Benco Trading, in Sierra Leone, imports and distributes construction materials and foods. It received a loan as a result of a 2014 agreement between CDC and Standard Chartered Sierra Leone. The agreement aimed to share the risk on up to $50 million of new loans to support businesses struggling to access finance due to the Ebola outbreak.
Jiad Swaid, Benco Trading's CEO, writes for us about how the company came through the outbreak.
During the Ebola crisis, several countries banned ships from calling at Sierra Leone. This was a problem for Benco as we lost our revenue from importing cement from Senegal. We received $3 million, which helped protect our staff – without this facility we would have had to cut half of our jobs.
With this cash flow, we were able to shift business strategy to focus on goods and services that were needed at the time – particularly by all the people in Sierra Leone from NGOs and other foreign organisations. Then, by February 2015, we were able to start receiving goods from Senegal again.
Since the Ebola crisis, business has started to pick up again – we have doubled our capacity and are importing more than ever before. Before the crisis, we had around 250 employees.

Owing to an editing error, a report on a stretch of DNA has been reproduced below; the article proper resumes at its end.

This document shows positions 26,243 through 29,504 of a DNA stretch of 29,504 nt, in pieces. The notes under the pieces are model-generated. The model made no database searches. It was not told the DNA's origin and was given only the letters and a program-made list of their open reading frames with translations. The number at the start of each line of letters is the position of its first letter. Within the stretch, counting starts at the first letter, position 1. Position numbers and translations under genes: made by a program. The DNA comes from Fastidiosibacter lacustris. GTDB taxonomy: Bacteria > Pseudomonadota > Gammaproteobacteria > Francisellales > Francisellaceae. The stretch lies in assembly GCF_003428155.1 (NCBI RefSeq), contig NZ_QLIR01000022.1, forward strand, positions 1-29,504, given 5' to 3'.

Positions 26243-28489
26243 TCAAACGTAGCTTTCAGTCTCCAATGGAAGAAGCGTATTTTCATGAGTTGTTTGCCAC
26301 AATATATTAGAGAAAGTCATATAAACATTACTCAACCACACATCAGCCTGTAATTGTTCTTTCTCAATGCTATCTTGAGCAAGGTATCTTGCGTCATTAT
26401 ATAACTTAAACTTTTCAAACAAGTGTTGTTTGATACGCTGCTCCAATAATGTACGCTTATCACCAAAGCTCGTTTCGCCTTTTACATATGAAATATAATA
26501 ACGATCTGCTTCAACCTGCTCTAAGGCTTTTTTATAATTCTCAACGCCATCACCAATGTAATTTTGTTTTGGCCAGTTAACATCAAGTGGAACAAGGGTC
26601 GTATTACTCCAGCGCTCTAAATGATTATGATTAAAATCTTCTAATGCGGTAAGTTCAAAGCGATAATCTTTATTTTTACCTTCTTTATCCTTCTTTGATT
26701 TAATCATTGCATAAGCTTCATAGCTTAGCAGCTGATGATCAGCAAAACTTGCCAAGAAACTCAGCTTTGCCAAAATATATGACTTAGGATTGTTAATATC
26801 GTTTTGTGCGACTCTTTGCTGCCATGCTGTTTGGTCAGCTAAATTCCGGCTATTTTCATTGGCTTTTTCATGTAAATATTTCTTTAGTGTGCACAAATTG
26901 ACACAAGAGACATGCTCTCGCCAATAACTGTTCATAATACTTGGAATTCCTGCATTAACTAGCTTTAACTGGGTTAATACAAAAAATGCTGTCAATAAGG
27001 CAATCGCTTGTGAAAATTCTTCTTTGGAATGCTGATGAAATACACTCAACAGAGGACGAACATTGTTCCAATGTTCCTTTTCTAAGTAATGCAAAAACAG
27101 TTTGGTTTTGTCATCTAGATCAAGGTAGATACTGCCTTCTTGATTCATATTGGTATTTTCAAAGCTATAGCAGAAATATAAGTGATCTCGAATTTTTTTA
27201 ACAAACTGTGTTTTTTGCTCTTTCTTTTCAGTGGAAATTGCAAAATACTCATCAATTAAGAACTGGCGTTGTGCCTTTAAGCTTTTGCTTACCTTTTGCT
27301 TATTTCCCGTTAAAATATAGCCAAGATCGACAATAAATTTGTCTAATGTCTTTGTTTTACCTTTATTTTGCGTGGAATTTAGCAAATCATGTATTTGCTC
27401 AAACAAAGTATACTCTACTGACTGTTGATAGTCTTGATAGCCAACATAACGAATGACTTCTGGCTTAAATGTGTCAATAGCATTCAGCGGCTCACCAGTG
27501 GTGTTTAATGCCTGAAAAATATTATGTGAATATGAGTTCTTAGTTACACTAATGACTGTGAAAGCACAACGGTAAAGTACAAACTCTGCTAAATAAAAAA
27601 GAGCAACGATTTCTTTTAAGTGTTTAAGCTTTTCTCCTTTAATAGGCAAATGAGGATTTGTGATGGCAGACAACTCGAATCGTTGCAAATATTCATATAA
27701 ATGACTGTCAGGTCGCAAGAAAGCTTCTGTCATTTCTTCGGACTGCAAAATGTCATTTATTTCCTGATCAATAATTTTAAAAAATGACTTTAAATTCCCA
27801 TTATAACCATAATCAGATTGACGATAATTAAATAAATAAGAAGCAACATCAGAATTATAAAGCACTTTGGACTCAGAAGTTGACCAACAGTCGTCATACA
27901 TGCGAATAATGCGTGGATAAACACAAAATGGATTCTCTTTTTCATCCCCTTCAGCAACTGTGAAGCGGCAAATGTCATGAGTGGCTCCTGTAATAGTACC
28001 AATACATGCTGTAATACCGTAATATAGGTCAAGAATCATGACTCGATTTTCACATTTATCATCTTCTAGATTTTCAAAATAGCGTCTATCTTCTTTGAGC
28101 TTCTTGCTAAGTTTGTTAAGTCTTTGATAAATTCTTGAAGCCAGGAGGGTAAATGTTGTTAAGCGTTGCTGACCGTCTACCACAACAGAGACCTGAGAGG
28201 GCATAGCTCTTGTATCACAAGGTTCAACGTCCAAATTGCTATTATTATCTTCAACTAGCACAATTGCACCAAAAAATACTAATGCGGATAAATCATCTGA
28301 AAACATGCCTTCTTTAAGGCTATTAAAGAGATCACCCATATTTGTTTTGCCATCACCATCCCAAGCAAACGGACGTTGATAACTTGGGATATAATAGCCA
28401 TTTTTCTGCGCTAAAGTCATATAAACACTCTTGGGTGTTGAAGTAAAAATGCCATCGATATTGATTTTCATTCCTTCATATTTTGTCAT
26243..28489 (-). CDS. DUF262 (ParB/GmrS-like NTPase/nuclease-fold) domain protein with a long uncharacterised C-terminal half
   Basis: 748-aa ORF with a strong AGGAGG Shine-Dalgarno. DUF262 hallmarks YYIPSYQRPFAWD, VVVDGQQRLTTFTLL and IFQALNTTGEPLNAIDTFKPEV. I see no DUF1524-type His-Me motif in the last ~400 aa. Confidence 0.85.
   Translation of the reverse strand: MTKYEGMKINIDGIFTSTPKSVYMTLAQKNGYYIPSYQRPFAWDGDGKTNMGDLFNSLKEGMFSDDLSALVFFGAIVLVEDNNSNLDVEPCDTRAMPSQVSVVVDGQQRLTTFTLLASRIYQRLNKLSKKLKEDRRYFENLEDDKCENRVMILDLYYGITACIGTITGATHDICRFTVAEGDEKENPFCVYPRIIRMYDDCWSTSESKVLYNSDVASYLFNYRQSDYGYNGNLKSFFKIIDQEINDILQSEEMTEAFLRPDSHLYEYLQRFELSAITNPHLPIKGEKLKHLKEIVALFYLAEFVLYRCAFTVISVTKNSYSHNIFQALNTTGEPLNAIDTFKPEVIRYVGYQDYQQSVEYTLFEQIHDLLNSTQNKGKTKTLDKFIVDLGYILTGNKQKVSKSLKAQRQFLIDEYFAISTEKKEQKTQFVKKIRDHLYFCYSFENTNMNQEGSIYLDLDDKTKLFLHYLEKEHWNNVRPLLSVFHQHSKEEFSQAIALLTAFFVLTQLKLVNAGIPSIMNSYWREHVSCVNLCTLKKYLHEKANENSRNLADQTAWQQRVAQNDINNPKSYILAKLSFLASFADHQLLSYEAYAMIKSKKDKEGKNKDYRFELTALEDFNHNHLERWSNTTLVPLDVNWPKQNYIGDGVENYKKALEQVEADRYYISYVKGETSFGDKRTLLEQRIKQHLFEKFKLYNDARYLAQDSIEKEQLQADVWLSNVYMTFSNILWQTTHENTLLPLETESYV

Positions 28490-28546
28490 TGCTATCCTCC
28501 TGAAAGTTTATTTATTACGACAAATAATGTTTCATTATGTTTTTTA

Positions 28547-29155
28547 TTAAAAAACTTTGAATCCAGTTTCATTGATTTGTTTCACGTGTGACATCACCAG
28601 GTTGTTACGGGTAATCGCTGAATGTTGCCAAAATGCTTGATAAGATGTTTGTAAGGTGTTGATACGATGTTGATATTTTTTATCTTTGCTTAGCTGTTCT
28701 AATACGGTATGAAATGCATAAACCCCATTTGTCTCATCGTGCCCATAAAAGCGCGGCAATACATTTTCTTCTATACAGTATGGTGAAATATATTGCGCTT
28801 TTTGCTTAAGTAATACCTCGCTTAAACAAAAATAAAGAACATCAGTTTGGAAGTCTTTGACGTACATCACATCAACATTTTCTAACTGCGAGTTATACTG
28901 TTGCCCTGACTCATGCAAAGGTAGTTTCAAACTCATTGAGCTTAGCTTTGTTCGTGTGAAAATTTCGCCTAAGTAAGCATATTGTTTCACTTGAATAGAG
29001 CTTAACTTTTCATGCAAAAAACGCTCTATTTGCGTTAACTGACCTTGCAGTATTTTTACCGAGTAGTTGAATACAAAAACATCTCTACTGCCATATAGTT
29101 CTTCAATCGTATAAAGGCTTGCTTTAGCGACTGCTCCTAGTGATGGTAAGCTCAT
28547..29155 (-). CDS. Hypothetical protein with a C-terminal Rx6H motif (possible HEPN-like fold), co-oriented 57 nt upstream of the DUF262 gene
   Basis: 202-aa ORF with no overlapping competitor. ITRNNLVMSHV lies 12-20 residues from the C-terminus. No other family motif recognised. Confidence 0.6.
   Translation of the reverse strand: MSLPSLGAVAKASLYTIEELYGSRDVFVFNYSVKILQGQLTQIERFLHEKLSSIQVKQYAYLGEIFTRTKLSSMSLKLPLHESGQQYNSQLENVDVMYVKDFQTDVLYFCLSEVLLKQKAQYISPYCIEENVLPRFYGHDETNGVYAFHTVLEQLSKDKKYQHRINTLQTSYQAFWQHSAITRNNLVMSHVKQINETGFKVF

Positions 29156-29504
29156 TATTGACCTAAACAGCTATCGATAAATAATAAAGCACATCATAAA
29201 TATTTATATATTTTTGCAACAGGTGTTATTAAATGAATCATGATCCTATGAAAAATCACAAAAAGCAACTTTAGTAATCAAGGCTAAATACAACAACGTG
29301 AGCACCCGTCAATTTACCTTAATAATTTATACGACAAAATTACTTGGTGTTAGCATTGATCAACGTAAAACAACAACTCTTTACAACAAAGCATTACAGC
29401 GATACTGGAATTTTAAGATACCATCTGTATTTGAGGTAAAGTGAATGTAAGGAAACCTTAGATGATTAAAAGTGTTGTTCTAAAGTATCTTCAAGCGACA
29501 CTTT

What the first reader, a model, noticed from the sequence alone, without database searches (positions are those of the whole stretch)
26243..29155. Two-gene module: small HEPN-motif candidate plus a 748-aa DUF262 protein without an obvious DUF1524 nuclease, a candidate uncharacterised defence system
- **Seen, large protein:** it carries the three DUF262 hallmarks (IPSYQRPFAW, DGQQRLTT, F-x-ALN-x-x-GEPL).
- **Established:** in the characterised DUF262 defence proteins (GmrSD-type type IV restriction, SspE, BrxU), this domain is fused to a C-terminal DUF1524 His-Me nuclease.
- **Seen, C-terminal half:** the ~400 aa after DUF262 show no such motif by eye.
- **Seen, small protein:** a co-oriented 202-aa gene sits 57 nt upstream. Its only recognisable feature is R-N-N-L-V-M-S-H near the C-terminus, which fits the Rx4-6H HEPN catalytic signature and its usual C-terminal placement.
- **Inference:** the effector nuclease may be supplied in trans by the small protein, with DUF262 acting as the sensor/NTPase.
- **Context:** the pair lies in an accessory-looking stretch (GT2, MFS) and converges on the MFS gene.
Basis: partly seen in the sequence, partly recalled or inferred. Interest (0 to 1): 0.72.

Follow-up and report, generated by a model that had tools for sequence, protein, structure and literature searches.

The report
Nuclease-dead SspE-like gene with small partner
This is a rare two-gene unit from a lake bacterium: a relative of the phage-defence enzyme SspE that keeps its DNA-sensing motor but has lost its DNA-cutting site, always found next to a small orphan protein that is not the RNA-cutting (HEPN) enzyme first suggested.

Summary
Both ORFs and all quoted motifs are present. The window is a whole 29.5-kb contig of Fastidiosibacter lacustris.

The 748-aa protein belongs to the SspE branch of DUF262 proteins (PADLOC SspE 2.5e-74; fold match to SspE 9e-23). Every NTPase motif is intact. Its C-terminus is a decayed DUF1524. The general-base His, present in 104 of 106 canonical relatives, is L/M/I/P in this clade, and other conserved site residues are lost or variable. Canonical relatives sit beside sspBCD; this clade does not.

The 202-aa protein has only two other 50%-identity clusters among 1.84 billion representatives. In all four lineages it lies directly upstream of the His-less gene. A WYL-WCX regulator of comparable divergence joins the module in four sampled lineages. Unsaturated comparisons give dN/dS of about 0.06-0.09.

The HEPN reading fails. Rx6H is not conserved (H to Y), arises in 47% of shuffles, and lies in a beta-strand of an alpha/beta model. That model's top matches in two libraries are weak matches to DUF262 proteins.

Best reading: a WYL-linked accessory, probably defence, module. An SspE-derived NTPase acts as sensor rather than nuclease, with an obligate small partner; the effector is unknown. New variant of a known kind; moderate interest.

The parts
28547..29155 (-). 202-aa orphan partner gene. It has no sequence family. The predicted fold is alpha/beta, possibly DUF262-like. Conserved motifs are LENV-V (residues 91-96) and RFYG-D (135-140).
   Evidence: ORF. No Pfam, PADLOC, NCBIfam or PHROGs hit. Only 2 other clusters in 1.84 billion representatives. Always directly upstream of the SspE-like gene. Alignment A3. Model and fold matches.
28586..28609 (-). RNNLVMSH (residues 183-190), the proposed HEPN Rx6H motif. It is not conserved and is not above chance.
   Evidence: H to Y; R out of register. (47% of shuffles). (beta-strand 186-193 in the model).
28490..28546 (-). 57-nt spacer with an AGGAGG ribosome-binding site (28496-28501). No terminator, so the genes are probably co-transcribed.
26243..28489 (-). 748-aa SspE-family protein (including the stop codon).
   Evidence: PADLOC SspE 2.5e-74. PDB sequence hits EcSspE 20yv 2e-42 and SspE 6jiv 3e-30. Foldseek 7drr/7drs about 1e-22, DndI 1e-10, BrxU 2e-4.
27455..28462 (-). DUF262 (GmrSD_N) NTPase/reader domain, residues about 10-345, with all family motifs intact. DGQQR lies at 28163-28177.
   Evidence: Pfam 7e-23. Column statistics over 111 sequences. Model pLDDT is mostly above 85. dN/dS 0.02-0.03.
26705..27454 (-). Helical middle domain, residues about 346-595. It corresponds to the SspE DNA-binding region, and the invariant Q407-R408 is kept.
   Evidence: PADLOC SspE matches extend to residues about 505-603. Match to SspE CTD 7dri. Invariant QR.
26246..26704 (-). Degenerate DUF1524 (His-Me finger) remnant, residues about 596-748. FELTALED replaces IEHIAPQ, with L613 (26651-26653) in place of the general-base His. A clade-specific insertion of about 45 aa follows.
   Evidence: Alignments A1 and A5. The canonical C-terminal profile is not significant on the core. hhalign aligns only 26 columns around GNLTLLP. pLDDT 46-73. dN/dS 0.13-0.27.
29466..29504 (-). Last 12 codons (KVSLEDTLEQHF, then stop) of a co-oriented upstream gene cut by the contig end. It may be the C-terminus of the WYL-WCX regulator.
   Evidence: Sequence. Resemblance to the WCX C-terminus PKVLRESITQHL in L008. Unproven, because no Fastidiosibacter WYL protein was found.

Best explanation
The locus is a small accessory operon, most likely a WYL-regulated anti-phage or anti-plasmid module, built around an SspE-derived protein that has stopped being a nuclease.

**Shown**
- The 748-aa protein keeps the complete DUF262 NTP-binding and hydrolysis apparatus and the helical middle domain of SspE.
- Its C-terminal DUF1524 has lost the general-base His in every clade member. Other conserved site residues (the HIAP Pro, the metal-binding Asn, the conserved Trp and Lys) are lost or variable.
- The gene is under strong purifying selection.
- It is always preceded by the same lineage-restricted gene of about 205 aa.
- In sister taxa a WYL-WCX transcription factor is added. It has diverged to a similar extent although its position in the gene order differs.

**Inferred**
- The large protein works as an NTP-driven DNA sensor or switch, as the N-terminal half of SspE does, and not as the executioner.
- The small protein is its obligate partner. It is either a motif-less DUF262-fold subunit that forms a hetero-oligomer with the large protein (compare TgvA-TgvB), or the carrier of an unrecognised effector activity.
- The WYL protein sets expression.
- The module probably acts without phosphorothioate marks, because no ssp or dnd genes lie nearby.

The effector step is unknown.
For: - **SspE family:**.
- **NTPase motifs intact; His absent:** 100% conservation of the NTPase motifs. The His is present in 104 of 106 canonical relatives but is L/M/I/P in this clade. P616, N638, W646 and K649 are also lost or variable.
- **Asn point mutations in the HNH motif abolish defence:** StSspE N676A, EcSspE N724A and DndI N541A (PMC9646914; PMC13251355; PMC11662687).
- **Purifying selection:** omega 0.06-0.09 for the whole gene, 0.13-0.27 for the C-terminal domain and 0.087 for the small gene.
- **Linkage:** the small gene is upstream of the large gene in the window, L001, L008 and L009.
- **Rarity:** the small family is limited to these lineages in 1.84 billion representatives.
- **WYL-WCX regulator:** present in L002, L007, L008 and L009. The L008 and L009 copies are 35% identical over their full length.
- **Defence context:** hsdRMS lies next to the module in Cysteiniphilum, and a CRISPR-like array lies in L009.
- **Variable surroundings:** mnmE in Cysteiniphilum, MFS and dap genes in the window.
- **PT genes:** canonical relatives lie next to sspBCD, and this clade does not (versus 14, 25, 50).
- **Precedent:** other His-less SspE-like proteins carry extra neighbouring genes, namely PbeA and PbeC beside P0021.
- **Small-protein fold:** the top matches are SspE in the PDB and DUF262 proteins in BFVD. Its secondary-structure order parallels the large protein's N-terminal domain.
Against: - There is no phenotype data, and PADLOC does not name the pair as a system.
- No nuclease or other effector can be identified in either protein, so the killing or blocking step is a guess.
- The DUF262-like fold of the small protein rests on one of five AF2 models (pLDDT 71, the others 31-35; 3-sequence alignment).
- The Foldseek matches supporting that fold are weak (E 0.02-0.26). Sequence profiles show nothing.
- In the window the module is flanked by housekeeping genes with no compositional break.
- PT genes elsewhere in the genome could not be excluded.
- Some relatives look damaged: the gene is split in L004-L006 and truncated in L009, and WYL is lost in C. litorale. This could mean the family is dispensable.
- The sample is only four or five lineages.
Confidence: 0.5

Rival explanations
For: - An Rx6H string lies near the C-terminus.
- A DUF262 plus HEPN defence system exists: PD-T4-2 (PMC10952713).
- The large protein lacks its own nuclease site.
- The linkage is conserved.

Now we have created a further 50 jobs – and we’re still hiring. Institutions such as CDC can play an even bigger role in Sierra Leone, as banking restrictions mean medium term capital is not available at reasonable interest rates. Improved access to this type of funding would allow more entrepreneurs to grow businesses and create jobs.
This article was originally published in our Annual Review 2015: Growing in ambition and impact - you can read it in full here
CDC is the UK government-owned development finance institution. CDC’s mission is to support the building of businesses throughout Africa and South Asia, to create jobs and making a lasting difference to people’s lives in some of the world’s poorest places.
We provide investment capital in all its forms, including equity, debt, mezzanine and guarantees, and this capital is typically used to fund growth. This capital is provided directly and through fund managers that are aligned with our aims.
CDC uses its own balance sheet to invest and has net assets of £3.4bn.